Brook Run Conservancy President Danny Ross speaks to the Dunwoody City Council Feb. 22 asking them to support renovations to Brook Run Theater. (Photo Dyana Bagby)

Brook Run Conservancy President Danny Ross speaks to the Dunwoody City Council Feb. 22 asking them to support renovations to Brook Run Theater. (Photo Dyana Bagby)

 

Drama surrounding what to do with the theater in city-owned Brook Run Park continues to roil Dunwoody City Council and residents divided over renovating or tearing down the building closed nearly two decades ago.

Supporters of renovating the shuttered building in Brook Run Park showed up in force at the Feb. 22 City Council meeting to urge the council to back a plan to renovate it into a new community theater and meeting center for perhaps close to $20 million.

But some council members continued to make clear they have doubts such a theater should be located in the city park. And before the meeting ended, one council member asked staff to bring cost estimates to demolish the building to the next council meeting.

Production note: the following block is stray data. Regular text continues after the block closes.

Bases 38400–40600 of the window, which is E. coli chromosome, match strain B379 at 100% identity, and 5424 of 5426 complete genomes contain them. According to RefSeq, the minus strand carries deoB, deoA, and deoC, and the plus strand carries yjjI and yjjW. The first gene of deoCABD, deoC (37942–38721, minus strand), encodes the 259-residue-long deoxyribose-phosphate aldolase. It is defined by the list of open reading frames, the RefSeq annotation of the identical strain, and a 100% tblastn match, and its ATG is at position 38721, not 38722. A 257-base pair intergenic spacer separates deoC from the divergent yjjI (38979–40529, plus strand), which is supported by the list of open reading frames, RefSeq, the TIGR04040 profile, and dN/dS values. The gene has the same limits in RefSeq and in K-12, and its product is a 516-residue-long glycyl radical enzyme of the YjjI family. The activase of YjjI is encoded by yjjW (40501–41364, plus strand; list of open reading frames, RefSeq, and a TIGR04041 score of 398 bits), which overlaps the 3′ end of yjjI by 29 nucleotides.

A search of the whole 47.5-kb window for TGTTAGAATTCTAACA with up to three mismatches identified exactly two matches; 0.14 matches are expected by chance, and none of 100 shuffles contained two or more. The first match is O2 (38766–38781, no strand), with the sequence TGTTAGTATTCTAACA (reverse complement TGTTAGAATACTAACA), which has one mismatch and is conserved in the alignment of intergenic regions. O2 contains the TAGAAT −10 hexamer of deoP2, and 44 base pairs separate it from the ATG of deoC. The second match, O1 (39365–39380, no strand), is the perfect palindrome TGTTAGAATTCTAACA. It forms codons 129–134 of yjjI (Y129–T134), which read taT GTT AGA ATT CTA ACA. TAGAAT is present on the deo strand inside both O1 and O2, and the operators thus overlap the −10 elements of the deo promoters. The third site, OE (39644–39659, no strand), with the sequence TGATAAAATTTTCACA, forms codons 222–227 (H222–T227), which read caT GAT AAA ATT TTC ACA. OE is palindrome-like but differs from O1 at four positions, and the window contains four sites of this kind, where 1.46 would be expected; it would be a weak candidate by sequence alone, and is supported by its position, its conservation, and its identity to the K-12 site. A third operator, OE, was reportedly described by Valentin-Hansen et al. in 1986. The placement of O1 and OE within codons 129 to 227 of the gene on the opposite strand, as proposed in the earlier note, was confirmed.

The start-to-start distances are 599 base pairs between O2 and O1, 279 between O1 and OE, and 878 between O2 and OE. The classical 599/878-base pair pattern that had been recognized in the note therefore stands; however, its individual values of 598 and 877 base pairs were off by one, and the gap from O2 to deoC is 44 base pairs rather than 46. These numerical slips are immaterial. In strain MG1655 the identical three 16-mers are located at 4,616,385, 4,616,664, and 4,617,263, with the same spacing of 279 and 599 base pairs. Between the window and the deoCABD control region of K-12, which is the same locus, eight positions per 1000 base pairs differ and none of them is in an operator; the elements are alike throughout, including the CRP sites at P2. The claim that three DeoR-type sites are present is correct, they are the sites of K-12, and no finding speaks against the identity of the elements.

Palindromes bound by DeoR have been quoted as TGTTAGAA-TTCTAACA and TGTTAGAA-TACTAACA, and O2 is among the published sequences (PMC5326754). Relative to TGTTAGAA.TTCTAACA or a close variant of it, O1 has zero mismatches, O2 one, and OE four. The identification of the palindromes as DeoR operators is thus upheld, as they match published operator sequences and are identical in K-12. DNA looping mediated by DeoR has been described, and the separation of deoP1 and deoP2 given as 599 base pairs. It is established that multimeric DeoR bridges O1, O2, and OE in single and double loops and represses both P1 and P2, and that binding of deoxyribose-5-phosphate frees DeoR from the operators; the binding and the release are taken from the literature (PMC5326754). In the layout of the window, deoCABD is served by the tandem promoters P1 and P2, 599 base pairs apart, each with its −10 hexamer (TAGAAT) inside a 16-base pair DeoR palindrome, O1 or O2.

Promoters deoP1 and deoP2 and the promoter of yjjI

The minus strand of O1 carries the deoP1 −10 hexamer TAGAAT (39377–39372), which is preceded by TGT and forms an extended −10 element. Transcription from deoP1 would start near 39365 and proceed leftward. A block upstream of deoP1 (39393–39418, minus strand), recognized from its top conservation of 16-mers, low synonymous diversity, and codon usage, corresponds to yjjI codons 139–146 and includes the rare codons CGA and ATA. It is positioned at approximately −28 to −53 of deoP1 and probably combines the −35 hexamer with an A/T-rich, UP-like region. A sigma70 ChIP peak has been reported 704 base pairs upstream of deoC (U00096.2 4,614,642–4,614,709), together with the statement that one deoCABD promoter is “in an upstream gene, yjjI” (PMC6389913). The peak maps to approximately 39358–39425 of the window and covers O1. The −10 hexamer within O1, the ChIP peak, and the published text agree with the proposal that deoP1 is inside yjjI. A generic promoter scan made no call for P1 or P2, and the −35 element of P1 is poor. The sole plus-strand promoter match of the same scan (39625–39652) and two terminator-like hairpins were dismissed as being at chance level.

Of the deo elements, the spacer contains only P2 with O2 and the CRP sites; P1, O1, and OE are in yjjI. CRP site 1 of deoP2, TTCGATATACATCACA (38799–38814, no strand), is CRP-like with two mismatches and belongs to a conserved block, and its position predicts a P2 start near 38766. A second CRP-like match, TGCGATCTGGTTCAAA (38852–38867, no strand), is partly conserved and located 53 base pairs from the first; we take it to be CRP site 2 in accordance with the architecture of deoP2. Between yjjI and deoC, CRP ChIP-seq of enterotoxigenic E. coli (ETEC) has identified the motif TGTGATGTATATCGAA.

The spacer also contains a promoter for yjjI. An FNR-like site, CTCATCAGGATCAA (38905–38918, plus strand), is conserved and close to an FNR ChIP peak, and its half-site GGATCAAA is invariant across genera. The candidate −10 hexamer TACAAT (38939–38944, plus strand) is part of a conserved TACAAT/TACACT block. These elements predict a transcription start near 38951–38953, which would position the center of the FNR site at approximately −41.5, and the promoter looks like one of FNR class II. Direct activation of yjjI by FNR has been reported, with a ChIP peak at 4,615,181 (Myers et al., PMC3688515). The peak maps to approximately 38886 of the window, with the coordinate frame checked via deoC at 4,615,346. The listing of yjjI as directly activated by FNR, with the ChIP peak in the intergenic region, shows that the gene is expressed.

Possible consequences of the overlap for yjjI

Brook Run Theater feasibility study

The theater building, owned by the city as part of park property, is the last remaining structure of 17 buildings in the park, including the hospital building, that were once part of the Georgia Retardation Center. The Georgia Retardation Center was closed in the late 1990s.

John Graham of the Tomlinson-Graham Group, which conducted a Brook Run Theater feasibility study for the Brook Run Conservancy, said his group determined there was very little theater space in Dunwoody. The Stage Door Players perform in a one-room “marginally acceptable performance site” while others performances typically take place in religious institutions or Jewish community centers.

There is also a lack of gathering space in the city for community meetings, town halls and for senior citizens, Graham explained.

“We believe the theater can be renovated to meet those needs,” he said. “This has to be an extremely flexible theater; it must be multi-purpose. It has to be properly managed and staffed.”

The study estimates rehabilitating and equipping the theater would cost, on the low end, about $7.5 million, and on the high end, approximately $18 million.

Councilman Terry Nall asked how many people were interviewed as part of the feasibility study.

“We conducted 48 one-on-one interviews. We saw some of them two or three times and also held small group meetings,” Graham said.

“Who made up the 48?” Nall asked. “I know the council was included. But it seems you are double-counting.”